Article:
“I can summarize it for you in two words,” he said: “light and sound. The sound, at first, seemed wind wind rising, wind outside. With the light, was perceptible heat. The two seemed correlated. When the sound increased, the heat increased too. Then the sound became methodical, rhythmical it became almost musical. As it did so the light became coloured. Both” he looked across at the ghostly hat-rack in the hall “were produced by him.”

“Items, please, Paul. I want an itemized account.”

Devonham fumbled in the big pockets of his coat and eventually lit a cigarette, though he did not in the least want to smoke. That watchful, penetrating stare persisted, none the less. Amid the anxiety were items of carelessness that almost seemed assumed.

“Mrs. Soames sent Nurse Robbins to fetch me,” he resumed, his voice harshly, as it seemed, cutting across the waves of pleasant sound that poured down the empty stairs behind them and filled the hall with resonant vibrations. “I went in, turned them both out, and closed the door. The room was filled with a soft, white light, rather pale in tint, that seemed to emanate from nowhere. I could trace it to no source. It was equally diffused, I mean, yet a kind of wave-like vibration ran through it in faint curves and circles. There was a sound, a sound like wind. A wind was in the room, moaning and sighing inside the walls a perfectly natural and ordinary sound, if it had been outside. The light moved and quivered. It lay in sheets. Its movement, I noticed, was in direct relation to the wind: the louder the volume of sound, the greater the movement of the air the brighter became the light, and vice versa. I could not take notes at the actual moment, but my memory” a slight grimace by way of a smile indicated that forgetting was impossible “is accurate, as you know.”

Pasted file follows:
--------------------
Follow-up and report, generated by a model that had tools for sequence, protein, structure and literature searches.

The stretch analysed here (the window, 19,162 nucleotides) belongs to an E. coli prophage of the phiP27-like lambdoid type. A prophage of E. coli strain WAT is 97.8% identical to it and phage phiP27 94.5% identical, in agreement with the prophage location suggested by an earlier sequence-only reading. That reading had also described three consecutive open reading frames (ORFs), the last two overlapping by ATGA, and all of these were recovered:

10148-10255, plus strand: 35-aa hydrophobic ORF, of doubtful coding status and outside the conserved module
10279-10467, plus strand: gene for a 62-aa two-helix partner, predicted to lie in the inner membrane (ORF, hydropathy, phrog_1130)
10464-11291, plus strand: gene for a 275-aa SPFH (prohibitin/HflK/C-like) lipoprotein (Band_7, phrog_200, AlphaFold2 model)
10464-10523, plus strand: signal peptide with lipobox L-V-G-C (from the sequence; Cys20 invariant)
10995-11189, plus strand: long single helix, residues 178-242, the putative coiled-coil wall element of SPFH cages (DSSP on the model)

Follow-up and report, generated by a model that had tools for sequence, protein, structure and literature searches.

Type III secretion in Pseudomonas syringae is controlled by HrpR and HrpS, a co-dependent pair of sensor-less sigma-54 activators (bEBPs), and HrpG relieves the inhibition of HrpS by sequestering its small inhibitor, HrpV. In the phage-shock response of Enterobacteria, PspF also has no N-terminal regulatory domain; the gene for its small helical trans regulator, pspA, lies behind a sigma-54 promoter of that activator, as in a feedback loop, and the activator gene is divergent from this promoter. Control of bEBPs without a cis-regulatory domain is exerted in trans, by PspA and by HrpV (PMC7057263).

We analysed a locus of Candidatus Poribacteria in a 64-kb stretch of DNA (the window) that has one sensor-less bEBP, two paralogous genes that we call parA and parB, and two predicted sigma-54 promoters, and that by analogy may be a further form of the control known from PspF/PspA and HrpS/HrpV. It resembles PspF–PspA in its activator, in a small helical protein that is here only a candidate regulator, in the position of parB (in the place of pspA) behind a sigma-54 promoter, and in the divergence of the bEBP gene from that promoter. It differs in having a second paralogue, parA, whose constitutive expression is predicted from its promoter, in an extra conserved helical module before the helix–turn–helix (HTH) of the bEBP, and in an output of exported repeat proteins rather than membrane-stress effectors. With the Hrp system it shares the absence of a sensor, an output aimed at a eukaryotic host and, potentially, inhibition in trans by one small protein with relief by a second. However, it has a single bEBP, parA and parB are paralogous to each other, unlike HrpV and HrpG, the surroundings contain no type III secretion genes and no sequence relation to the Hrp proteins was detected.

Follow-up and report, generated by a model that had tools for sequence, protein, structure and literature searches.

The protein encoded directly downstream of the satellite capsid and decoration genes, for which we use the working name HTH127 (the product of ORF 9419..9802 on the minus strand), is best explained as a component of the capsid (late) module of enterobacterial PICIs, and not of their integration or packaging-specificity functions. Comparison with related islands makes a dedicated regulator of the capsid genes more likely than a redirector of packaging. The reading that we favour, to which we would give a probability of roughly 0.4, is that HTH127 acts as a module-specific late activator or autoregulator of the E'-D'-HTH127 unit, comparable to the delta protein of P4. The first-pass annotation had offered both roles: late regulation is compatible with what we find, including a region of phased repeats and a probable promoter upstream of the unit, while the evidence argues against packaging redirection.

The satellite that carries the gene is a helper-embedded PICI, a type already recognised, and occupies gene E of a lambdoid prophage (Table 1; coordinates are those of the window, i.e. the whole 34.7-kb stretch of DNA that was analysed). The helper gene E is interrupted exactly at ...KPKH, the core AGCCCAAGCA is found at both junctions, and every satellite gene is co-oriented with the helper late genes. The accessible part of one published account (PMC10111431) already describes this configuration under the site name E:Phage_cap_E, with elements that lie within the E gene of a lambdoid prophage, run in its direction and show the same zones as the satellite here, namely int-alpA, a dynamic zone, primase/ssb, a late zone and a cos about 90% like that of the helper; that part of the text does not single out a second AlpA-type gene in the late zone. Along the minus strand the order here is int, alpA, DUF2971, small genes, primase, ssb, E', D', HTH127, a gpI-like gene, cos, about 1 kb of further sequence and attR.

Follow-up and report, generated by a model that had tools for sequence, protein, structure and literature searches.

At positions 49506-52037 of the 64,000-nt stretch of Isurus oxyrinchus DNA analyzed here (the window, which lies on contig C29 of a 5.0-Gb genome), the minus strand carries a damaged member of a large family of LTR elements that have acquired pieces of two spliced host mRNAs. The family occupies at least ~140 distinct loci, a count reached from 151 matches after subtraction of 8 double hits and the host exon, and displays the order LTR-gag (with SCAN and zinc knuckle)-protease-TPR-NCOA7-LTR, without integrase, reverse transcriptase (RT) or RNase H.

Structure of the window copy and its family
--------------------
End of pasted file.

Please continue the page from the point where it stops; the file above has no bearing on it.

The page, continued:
Fillery did not interrupt, either by word or gesture.